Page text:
From Where I Sit - Doug Harward

The success of a learning leader is dependent on how we create an engaging learning environment that produces true performance improvement. We all utilize training suppliers to manage some part of that learning experience. Since we are all accustomed to working with suppliers, ideally, we should all be well versed in how to get the most from our engagements and knowledgeable about what it takes to be great partners. The reality is we are not. There are plenty of war stories told from both buyers and suppliers about failed engagements, and why the other party was to blame for a bad experience.

But I like to think that from all the failures, there are many lessons we can learn about how to manage a sourcing engagement more effectively. My experience has found that there are many more successes than failures that come from sourcing engagements, and the proof is in the fact that sourcing continues to grow in the corporate training market.

Here are some of the most valued lessons I’ve learned in working with learning leaders who’ve got the most from their partnerships with training suppliers. And remember, great training organizations must have high-performing training suppliers.

  1. Treat suppliers as partners. While suppliers fall under the category of vendors in procurement vernacular, the reality is the relationship between the learning leader and supplier must be viewed as a strategic partnership. It’s important they are viewed as a part of the extended team of the training organization and feel empowered to do what’s right for both of our businesses.
  2. Properly define and communicate expectations. The most common behavior I’ve experienced in successful supplier partnerships is when the expectations were clearly defined and articulated up front, and a part of ongoing communications during the implementation of the project. Learning leaders should never assume that what they are requesting is understood by the supplier when submitting proposals. The process for having a great partnering relationship with a supplier starts at the RFP, and continues through the contracting phase and ultimately through implementation of the project.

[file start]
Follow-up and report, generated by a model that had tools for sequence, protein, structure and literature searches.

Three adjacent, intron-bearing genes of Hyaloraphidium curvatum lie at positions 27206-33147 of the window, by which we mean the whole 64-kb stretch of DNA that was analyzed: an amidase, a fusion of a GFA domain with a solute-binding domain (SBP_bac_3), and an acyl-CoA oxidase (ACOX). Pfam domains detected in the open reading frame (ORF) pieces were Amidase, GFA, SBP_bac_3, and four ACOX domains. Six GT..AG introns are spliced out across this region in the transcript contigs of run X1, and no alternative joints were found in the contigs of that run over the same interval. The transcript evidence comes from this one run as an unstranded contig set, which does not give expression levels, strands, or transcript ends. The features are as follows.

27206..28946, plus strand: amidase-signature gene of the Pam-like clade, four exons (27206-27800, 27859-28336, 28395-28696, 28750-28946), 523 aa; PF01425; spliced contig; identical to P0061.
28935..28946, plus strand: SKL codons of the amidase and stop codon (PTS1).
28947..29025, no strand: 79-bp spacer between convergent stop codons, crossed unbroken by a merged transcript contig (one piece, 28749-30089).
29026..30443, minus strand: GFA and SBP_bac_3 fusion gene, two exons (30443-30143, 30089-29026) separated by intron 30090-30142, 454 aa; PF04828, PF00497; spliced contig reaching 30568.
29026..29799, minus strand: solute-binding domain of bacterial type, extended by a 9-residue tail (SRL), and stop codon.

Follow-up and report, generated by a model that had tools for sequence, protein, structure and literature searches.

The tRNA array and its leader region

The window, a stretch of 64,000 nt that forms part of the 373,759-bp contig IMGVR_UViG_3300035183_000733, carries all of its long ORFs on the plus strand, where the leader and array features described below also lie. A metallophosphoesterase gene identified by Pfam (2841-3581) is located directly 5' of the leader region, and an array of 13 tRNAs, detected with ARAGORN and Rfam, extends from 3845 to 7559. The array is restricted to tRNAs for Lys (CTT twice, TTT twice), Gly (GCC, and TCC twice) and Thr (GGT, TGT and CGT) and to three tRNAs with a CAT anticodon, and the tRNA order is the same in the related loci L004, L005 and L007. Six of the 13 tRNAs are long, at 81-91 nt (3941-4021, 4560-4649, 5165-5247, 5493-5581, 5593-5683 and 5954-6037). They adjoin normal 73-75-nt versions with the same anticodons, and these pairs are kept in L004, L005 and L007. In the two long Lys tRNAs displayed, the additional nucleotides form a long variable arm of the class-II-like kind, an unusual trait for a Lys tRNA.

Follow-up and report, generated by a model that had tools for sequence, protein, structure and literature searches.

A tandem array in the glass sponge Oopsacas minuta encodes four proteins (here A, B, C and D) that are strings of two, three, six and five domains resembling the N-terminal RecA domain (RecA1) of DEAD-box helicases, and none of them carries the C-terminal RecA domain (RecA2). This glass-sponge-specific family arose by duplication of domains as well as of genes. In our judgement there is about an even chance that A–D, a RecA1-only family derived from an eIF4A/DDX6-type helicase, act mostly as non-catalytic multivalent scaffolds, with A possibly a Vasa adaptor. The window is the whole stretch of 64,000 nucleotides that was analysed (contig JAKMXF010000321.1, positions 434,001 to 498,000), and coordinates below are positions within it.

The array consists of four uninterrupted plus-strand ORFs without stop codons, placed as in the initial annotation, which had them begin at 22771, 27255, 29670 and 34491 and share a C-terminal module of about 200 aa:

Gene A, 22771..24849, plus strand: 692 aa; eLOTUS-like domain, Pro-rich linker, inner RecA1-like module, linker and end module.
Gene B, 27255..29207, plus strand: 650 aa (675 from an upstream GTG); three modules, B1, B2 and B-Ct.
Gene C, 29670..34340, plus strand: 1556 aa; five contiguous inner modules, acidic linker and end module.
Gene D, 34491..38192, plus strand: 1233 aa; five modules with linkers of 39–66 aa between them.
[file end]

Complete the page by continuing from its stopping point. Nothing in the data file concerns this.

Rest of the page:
3. Effectively do your due diligence. When selecting a supplier for an upcoming engagement, do everything you can to determine if the partner is a cultural fit for your business. The best way to do this is through due diligence. Don’t assume – make certain – they meet your needs. It’s a good idea to require your suppliers to demonstrate their capabilities by requiring references, credentials or case studies of projects they have successfully completed.
  4. Select suppliers based on capability first. Be careful of selecting suppliers based on price and assuming they have the capabilities. We’ve all heard and even made the statement that you get what you pay for. Training is not a commodity. And when you select a supplier based on price first, you are commoditizing the suppliers work. Focus first on the supplier’s capabilities, then on their business attributes, and ultimately on price, quality or speed.
  5. Be easy to work with. Training suppliers often tell me the clients they work the hardest for are those who are easy to do business with. They want to do the best for those who are good clients. Treating suppliers as if we suffer from “vendoritis” makes the supplier’s job more difficult, adding stress and risks to their ability to be successful. At the end of the day, suppliers have to be profitable too. A successful engagement is when both parties are successful and profitable.
  6. Value a supplier’s credentials. There are a variety of credentials in the market that demonstrate a supplier’s capabilities. Some are industry based and some are internal to their own organization. The bottom line is we need for suppliers to demonstrate that their own staff is properly trained to do the work we need them to do. If you are contracting for instructional design, make sure their ISDs are certified in instructional design. If you are contracting for managed learning services, expect your supplier to be certified training managers. If you are contracting for delivery, require your supplier to have certified instructors in their field of expertise.
  7. Hold frequent reviews. Stay in frequent contact with your supplier during the implementation phase of your engagement. Don’t wait until the project is completed to review their approach and progress. Regularly meet to ensure the project is on track and moving toward successful completion. And be careful of scope creep. Don’t allow reviews to be a means for change.

From where I sit, we have an opportunity to improve how we engage with suppliers and forge successful partnerships. Ultimately, these strategic partnerships are essential to developing effective training programs that deliver true performance improvement.